Question: We bought a property in 2008 in Sydney and lived in it straight away for two years. Then we were called overseas for work and rented out our place for seven years (so we were one year over the six-year CGT exemption mark).
We want to come back and live in the property for a little while to reset the six-year threshold and then rent it out again. What is the minimum period in order to reset this threshold? It would be devastating to find out when we want to sell that we didn’t live in the property long enough and have missed out on the exemption.
Also, to calculate the CGT, do we use the original buying price or the market value of the property at the moment we started renting it out? We did not officially reassess the value of our apartment when we went overseas, but we rented it out four years after buying so the market value would have increased.
Answer: Unfortunately, there is no legislated minimum length of time that you need to live in a dwelling for it to qualify as your main residence.
Instead, whether a dwelling becomes your main residence depends on your individual circumstances. Some factors the ATO considers relevant include:
- length of time you live there
- whether your family lives there
- whether you have moved your belongings into the home
- address to which mail is delivered
- address on the electoral roll
- connection of services
- intention in occupying the dwelling
For example, in ATO Private Ruling No. 1013035228582 the taxpayer was able to establish a dwelling as a main residence after living there for three months. However, the ATO also took into account that, during that time, the taxpayer moved in their personal belongings, recorded the address of the property as the taxpayer’s address on the electoral role, had their mail delivered there, and had all services to the property connected in their name.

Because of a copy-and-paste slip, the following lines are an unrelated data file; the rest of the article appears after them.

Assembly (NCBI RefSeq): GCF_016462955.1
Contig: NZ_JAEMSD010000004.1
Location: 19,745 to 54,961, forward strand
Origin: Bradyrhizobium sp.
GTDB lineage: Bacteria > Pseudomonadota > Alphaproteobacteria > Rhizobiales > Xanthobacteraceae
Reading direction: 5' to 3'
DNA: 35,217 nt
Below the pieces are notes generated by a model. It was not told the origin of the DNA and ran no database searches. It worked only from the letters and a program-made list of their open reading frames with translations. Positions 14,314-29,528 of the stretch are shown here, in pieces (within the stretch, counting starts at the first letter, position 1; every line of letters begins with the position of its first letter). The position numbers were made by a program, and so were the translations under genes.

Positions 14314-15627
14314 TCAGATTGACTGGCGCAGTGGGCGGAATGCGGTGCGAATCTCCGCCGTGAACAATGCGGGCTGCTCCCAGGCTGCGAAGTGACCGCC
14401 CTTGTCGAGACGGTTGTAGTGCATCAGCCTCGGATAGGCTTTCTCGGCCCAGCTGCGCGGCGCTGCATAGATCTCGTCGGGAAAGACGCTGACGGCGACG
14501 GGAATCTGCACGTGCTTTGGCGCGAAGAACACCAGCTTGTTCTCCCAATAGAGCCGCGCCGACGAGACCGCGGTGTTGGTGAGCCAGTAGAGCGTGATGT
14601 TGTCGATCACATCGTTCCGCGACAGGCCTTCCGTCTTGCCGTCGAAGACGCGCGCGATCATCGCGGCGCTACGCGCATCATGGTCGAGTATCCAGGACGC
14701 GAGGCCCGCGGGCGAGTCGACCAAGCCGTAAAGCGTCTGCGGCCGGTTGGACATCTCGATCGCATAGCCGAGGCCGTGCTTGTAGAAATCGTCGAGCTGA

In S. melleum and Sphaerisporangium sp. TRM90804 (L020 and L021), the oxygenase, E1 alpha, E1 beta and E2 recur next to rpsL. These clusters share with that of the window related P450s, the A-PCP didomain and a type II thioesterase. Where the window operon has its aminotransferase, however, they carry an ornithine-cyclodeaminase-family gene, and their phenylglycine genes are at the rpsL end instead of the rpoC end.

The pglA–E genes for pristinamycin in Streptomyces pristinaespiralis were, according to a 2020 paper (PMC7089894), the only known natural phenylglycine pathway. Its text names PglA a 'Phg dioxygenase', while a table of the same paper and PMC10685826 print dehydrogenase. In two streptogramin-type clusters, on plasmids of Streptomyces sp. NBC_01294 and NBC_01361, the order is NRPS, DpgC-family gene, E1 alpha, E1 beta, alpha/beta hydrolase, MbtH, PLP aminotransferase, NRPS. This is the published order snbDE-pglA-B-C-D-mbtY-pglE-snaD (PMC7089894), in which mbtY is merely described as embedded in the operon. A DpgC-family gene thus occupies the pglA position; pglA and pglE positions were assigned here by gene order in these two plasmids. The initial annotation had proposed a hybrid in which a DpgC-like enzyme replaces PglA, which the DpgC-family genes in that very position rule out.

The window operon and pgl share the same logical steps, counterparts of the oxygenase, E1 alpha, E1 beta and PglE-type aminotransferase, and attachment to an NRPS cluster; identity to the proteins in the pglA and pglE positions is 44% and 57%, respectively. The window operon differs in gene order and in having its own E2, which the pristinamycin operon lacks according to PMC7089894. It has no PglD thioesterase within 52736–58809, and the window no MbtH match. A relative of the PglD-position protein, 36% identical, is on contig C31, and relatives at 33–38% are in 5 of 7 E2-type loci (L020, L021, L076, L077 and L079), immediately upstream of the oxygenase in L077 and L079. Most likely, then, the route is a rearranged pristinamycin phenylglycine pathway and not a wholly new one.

"There is no legislated minimum length of time that you need to live in a dwelling for it to qualify as your main residence"
Since length of time is only one factor the ATO takes into account, one taxpayer might be able to establish a main residence after living in a dwelling for only three months (as in the above example), but another taxpayer who has lived in their dwelling for the same amount of time might not be so lucky.
You should therefore consult a registered tax agent, who should be able to provide you with more detailed advice after taking into account your individual circumstances. Alternatively, you could apply for a Private Binding Ruling from the ATO once you are back in Australia. Regarding your second question, you will need to calculate your capital gain using the market value of the property at the time you started renting it out. You can choose to obtain a valuation from a qualified valuer, or compute your own valuation based on reasonably objective and supportable data. A valuer should be able to provide a ‘point in time’ valuation that may be more reliable and less likely to be challenged by the ATO than an individual valuation.
Note that new legislation is before Parliament to abolish the main residence exemption for non-residents. Australian citizens can be non-residents in some cases, for example when they live or work overseas. You should obtain advice on whether this measure will impact you.
Need to know
- Individual circumstances determine whether a property is your main residence.
- A taxpayer can apply to the ATO for a Private Binding Ruling on how the law applies in their situation.
- It is best to have a qualified valuer conduct a valuation.
is Senior Associate at
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